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Read why this queer Jewish actor invited homophobic vandals to come see a gay play

'I think one of the most effective ways of challenging homophobia is to see why they think that and where that is coming from'

Read why this queer Jewish actor invited homophobic vandals to come see a gay play
Run (rogues gallery) - Richard Lakos
Tom Ross-Williams stars in Run at London's Bunker Theatre

‘It’s really a play about that feeling you get the first time you fall in love.’

That’s how queer actor Tom Ross-Williams sums up Run, a play about 17-year-old Yonni, who happens to be Jewish and gay, and the first time he falls in love.

‘What’s so beautiful about it is it’s not how Judaism keeps them apart,’ he told Gay Star News.

‘But how it brings them together and I think that that’s something that’s kind of really forward thinking.’

As such, Tom said he believes Run is universal and accessible for everyone, no matter if they’re religious or not.

‘It’s really just about that awkwardness and that besottedness and that craziness what it is to be in love for the first time as a teeanger, he said.

‘And I think in that sense there’s a real deep universality to it.’

Born and raised in London, Tom himself started acting as a child.

But he only saw it as a professional option when he started to get involved with the National Youth Theatre at the age of 16.

After finishing college he went off to study English and Drama and eventually came back to tread the boards in London.

‘I did a show that transferred to the West End called Vieux Carré, the Tennessee Williams play, that had been the first time it was revised in London,’ Tom said.

‘That was sort of the first time I came back post-National Youth Theatre.’

Now he is opening Run at London’s Bunker Theatre, starring in the role as Yonni – and the play and its star already made headlines before it opened.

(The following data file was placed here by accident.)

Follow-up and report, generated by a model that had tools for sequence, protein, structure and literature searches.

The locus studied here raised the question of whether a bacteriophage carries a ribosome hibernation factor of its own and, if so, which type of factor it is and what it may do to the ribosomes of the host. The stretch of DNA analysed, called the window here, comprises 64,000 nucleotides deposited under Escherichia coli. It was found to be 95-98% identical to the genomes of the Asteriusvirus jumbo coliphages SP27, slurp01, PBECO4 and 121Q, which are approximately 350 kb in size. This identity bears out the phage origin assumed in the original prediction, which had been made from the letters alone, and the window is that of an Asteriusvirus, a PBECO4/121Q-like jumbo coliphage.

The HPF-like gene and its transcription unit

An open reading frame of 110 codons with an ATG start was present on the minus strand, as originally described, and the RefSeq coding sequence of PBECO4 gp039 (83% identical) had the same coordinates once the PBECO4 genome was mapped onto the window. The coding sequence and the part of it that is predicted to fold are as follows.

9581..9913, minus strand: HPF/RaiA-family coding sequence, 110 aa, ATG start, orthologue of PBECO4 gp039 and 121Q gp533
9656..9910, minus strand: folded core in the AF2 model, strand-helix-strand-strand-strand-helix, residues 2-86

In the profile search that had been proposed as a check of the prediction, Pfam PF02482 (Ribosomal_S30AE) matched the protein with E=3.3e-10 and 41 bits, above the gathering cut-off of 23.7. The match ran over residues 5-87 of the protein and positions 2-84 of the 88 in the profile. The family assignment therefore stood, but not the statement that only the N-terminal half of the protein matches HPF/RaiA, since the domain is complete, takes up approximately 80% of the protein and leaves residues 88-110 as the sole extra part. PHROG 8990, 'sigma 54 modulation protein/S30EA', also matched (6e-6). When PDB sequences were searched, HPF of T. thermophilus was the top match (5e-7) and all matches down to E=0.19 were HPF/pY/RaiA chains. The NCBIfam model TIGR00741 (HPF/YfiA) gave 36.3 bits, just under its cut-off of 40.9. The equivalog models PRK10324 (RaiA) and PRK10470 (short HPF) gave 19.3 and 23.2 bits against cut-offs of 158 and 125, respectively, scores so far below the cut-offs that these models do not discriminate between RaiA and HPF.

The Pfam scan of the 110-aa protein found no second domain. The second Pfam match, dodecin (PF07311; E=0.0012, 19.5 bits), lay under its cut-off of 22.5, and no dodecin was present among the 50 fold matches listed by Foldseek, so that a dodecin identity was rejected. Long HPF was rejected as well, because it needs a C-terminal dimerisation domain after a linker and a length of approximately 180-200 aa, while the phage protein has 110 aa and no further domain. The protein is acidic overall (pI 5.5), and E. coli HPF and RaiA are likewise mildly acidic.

Earlier this month, it ran at W3, a Jewish community center in North London. It was part of GAYW3, a season of LGBTI theater.

When vandals smeared homophobic graffiti across a sign advertising GAYW3, Tom reacted rather gracefully – by offering the vandals free tickets to come and see the show.

Nobody took him up on the offer, but there’s still a chance they might. And Tom is prepared.

‘I’m going to make sure the box office keeps [the tickets] there,’ he said.

‘In case they do want to turn up.’

Tom Ross-Williams

But why offer tickets to vandals in the first place?

‘The motivation was about feeling that we need to start to create a conversation around the people that we don’t necessarily have the same value system as, or disagree with,’ Tom said.

‘And for me that’s a really big and important at the moment, to reach outside of the agenda and try to understand where they are coming from.’

Tom told Gay Star News he really hopes the vandals will show up – and maybe take part in one of the post-show talks, too.

For him, working with young people in schools has shown him how talking and, more importantly, listening can make a difference.

‘I think one of the most effective ways of challenging homophobia is to [see] why they think that and where that is coming from,’ he said.

‘Because I think it’s the inability to listen which often fuels a lot of hate.